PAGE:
the family, and it shows how much the community of Taneytown means to the family.
Crouse Ford is continuing to grow and make necessary changes to their business in order to ensure the highest satisfaction of their customers. Most recently, in June 2015, a Ford supported renovation project began in order to achieve a better customer experience. A 400 square foot customer lounge was added along with a WIFI system, updated restrooms, and modern furniture
throughout the showroom. The exterior was enhanced with aluminum architectural panels, a 29 foot tall entry tower, showroom vestibule and LED lit signage.
When asked to describe what Crouse Ford may look like in another 25 years for their 100th anniversary, Tom mentioned that he hoped there would be a continuation of a growing number of happy, satisfied customers and employees and more new and improved vehicles on the lot. He predicts that there may be a shift to the use of more electric-powered vehicles in the future. The family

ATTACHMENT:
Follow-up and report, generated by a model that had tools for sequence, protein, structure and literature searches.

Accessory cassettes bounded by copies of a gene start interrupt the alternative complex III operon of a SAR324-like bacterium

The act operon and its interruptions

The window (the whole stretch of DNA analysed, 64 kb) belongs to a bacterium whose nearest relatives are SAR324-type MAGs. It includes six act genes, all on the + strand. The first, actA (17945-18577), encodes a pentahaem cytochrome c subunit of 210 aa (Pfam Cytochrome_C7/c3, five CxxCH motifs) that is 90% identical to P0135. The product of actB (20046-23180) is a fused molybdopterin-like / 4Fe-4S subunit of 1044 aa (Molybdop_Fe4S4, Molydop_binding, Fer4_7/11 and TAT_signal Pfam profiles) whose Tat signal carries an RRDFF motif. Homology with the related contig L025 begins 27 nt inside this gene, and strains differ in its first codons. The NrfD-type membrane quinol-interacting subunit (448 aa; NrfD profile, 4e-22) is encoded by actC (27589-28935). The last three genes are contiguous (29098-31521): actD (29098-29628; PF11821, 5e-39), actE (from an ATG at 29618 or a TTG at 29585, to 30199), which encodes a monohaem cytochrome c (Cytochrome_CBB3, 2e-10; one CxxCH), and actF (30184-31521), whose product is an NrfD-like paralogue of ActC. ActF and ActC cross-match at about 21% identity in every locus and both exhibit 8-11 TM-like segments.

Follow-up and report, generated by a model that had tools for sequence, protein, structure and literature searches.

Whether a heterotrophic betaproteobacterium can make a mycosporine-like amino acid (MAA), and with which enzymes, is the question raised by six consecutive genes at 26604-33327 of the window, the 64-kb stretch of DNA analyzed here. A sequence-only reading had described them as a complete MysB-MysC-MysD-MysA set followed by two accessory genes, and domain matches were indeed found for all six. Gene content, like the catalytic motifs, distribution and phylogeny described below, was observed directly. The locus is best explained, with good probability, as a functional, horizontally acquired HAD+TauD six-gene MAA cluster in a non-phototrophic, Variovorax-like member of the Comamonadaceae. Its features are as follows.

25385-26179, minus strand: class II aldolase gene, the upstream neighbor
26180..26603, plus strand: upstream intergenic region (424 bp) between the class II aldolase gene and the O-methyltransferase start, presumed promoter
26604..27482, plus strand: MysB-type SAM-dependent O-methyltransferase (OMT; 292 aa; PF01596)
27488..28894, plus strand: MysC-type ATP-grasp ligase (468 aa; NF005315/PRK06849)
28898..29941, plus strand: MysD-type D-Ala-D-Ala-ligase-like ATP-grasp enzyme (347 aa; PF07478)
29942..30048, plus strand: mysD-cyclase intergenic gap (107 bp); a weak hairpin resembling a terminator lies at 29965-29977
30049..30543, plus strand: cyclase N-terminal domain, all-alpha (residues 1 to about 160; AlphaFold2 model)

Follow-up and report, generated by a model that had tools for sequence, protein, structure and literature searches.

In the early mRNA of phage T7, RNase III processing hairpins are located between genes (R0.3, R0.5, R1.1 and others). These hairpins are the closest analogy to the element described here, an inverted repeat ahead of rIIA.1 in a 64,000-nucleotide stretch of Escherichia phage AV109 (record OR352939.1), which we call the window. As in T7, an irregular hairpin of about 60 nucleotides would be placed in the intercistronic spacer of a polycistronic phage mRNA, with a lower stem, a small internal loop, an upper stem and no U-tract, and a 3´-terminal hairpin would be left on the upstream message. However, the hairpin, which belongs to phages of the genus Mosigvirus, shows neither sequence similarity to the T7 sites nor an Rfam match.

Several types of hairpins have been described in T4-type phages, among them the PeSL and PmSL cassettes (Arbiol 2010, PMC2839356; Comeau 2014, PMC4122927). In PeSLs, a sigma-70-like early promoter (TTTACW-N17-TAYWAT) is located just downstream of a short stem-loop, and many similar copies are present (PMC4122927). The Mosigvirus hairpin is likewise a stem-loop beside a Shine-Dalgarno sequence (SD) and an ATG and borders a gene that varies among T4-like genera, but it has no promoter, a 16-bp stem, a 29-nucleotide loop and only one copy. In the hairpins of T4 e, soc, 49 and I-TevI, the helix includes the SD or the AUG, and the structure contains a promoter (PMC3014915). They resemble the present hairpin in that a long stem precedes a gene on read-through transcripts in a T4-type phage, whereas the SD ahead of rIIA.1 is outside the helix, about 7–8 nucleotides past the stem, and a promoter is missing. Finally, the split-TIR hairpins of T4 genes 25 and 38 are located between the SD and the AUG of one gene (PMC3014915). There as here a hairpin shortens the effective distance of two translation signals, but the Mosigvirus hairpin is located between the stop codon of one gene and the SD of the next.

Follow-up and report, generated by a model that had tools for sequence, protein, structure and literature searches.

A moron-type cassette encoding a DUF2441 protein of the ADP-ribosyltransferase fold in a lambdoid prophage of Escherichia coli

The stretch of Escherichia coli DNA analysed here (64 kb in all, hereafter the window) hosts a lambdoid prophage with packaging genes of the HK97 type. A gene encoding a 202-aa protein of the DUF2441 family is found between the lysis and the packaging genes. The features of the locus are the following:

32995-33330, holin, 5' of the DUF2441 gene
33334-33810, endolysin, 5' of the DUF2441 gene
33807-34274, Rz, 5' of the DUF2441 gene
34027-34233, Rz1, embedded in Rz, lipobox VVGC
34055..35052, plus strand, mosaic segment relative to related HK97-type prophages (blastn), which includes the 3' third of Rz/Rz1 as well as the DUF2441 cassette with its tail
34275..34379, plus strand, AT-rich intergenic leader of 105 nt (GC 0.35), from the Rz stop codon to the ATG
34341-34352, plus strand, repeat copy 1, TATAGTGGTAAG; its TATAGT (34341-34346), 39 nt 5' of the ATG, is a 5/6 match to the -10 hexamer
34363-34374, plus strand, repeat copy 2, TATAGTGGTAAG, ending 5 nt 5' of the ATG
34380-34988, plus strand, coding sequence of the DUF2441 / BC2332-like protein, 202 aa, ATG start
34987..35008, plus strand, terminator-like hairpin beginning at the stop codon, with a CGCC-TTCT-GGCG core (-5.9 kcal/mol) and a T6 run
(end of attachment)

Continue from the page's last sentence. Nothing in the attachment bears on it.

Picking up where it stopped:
hopes that they can continue servicing our great community for generations of customers to come.
We encourage all our readers to come out and celebrate with the Crouse family on May 6 and 7 at Crouse Ford! True community service is valued - 75 years of service is unheard of and worth a community wide celebration!